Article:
Chances are, your company offers job flexibility. Roughly 80 percent of employers offer some type of flexible work arrangements like compressed work schedules or telecommuting opportunities. Results from many surveys over the years have shown that they are a desired employee benefit because they contribute to worklife balance. Just as important, they also act as an effective recruitment and retention magnet, especially for hard-to-fill jobs.

Considering that the US unemployment rate is 4.9 percent and the number of job openings nationwide is 5.5 million – according to the Bureau of Labor Statistics – offering a variety of flexible work options would seem like a no-brainer. Whether your company is recruiting active Baby Boomers, Millenials with growing families, or college students who juggle class schedules with work schedules, offering and promoting flexible work options to your entire workforce in a gig economy may be as essential as a steady paycheck.

Despite the numerous advantages for both employees and employers, flexible work arrangements still take a back seat at some organizations. Here are some stats from

  • 44 percent of organizations do not feature or market flexible work options as an employee benefit
  • 41 percent report access to flexible work is not widespread to all employees
  • 67 percent of managers offer flexibility at their own discretion
  • 36 percent of companies have a formal written flex policy

These numbers are surprising. Employers, big or small, across every industry and job category, spend millions on increasing employee engagement, which often leads to enhanced loyalty, higher productivity, and reduced absenteeism. Besides, happy employees typically don’t quit. The cost of employee turnover is at least several times that of each employee’s salary.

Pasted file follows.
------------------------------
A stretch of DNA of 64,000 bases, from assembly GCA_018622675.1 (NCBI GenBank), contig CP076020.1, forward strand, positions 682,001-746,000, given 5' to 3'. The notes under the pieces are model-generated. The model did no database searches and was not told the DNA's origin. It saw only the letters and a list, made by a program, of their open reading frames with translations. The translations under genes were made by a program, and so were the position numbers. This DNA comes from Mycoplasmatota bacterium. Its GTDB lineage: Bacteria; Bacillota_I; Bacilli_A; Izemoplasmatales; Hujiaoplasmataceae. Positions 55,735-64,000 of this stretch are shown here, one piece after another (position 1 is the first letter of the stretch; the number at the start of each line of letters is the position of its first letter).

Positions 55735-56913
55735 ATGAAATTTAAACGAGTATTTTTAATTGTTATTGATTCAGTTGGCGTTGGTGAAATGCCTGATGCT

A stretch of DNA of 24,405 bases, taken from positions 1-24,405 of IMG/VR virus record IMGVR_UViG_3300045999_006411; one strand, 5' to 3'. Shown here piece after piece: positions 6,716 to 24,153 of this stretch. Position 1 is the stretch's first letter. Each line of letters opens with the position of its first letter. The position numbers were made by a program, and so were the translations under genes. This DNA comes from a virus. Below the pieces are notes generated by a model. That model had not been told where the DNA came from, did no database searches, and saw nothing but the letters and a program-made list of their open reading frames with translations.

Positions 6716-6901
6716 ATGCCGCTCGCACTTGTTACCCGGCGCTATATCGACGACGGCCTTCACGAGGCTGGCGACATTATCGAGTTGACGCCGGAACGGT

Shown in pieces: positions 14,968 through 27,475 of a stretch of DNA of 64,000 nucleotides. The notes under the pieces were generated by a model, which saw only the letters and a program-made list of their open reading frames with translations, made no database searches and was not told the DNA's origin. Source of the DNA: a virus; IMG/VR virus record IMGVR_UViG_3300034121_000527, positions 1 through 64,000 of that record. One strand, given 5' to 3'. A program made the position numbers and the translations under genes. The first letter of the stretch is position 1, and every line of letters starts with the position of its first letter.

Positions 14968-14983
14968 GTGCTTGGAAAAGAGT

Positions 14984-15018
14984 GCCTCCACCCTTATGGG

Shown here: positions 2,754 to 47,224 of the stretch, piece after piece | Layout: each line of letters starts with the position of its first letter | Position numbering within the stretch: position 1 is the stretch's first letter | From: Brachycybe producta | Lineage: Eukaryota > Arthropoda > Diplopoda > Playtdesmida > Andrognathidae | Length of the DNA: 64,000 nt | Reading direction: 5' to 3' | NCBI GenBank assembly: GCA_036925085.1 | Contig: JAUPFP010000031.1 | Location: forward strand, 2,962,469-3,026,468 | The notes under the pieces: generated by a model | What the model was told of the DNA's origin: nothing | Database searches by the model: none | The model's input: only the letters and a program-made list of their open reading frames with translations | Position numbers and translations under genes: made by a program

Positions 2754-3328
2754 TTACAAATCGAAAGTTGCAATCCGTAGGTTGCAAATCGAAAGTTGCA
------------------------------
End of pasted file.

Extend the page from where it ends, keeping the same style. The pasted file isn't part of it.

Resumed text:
It doesn’t matter what type of person you’re trying to attract or job you’re trying to fill.  Workplace flexibility is now a business protocol that demonstrates an employer’s commitment to its workforce.

Even if the job requires someone to work onsite 40 hours a week, people’s needs change throughout their lives. There may come a time where they must alter their work schedule to accommodate family or other personal needs. Formal flex policies can act as an insurance policy, providing them with inhouse options, which prevents them from searching for external jobs. These workers are familiar with your organization’s people, policies, practices and also culture. Do you really want them to leave?

The more flexible your policies are, the better. Employees may want time off during work hours to drop off and pick up their children from school, help an elderly family member, or get an oil change. In order to be successful, workplace flexibility must be supported by your company’s leaders, offered to employees in all jobs at all levels, and workers must be encouraged to use it.

Since flex work benefits have universal appeal, they will attract the right candidates  with the right skills for your organization and even reach out to others you may not have considered, perhaps those on the edge whose skills can translate across industries or jobs.

If your company wants to be considered as an industry leader, it must attract diverse and skilled talent.  Offering core employee benefits – no matter how comprehensive – is not enough. To help grow your base of job candidates, which better enables you to pick and choose the best people for your workplace, flexible work options need to be woven throughout your culture and tied to your strategic goals. By doing so, you will be taking an important step toward evolving your organization as a 21st century employer.